The landmark verdict for Hong Kong’s first-ever national security law trial will be handed down next week, after the prosecution and the defence presented their closing arguments on Tuesday.
The high-profile trial of 24-year-old Tong Ying-kit, which lasted for 15 days, has now concluded at the High Court. A three-judge panel will next rule whether the activist is guilty of committing “incitement to secession” and “terrorist activities” under the Beijing-imposed national security law. The decision will likely form a legal reference for future cases under the controversial legislation.
Tong also stands accused of “causing grievous bodily harm by dangerous driving” as an alternative charge to the terrorism offence.
The activist became the first man to be arrested and prosecuted under the security law after he allegedly rammed a motorcycle displaying a “Liberate Hong Kong, revolution of our times” flag into three police officers during a protest last July 1.
The test case heard by Madam Justices Esther Toh and Anthea Pang and Justice Wilson Chan has centred around a debate on the meaning of the eight-word slogan. A day after Tong was arrested, the government said the slogan was banned as it had “pro-independence, secessionist and subversive” connotations.
During the final trial day on Tuesday, lead prosecutor Anthony Chau submitted that Tong “deliberately” drove past four police check lines on the day and failed to stop his motorcycle despite repeated warnings. He said Tong “blatantly” breached the law and targeted police officers, with an “utter disregard for human life.”
The activist was said to have “intensified” his act of incitement by running past the police four times. The prosecution said Tong conducted a “parade” with a political agenda and communicated with people on the street who clapped and cheered when the activist drove past.
In relation to Tong’s terrorism charge, the acting deputy director of public prosecutions said the activist drove towards police officers at a close proximity on a motorcycle that had high horse power. The injury of three policemen showed the degree of violence, Chau said, adding that Tong “seriously jeopardised public safety.”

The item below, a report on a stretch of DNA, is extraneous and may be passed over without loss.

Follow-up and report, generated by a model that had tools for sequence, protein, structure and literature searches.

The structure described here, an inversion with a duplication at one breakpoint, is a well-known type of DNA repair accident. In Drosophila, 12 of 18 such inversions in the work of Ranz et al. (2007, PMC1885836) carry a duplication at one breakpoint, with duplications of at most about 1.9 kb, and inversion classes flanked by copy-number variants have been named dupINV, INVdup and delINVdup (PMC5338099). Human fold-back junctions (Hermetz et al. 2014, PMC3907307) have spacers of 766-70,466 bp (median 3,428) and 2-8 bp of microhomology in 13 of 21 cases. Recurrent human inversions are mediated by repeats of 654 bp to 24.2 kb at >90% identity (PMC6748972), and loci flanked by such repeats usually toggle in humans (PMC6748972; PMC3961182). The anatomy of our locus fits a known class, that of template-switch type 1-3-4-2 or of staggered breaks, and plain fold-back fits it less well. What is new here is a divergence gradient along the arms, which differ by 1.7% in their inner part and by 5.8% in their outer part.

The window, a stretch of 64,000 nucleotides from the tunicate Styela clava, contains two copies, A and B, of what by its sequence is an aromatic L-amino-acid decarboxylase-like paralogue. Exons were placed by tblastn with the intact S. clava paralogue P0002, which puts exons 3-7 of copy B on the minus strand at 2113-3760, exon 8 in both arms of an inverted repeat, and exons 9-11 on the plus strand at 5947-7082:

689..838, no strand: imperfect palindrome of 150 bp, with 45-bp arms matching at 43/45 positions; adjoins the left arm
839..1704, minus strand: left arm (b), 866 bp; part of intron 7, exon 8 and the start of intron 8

The prosecution suggested that Tong drove his motorcycle with a view to “coerce” the local or central government, or had intended to “intimidate” the public in order to pursue a political agenda. The protest slogan flag would have posed a “serious threat” to road safety as well, Chau said, should it have detached from Tong’s vehicle.
Justice Chan interjected and said Article 24 of the national security law stipulated that the elements of the offence should be linked to a list of acts, rather than a political agenda.
Under the sweeping legislation, terrorist activities are broadly defined to include serious violence against people, explosion and arson, sabotage of public transport facilities and interruption of public services control systems.
Chau responded by saying Tong’s “secessionist” acts provided a background on why he committed the terrorism offence, adding that – political agenda aside – Tong’s actions were targeted at the police.
The defence later countered by saying that Tong had “avoided running into police.” Senior Counsel Clive Grossman argued that, if Tong had intended to carry out acts of terror, he would have driven directly into a group of officers.
Grossman went on to say that Tong carried first aid items on the day to help any injured demonstrator, and such a move would contradict the character of a person who wanted to commit terrorism.
The senior counsel also suggested that Tong’s collision with the police was “not deliberate,” as the activist might have crashed into the officers after his arm was hit by a police shield.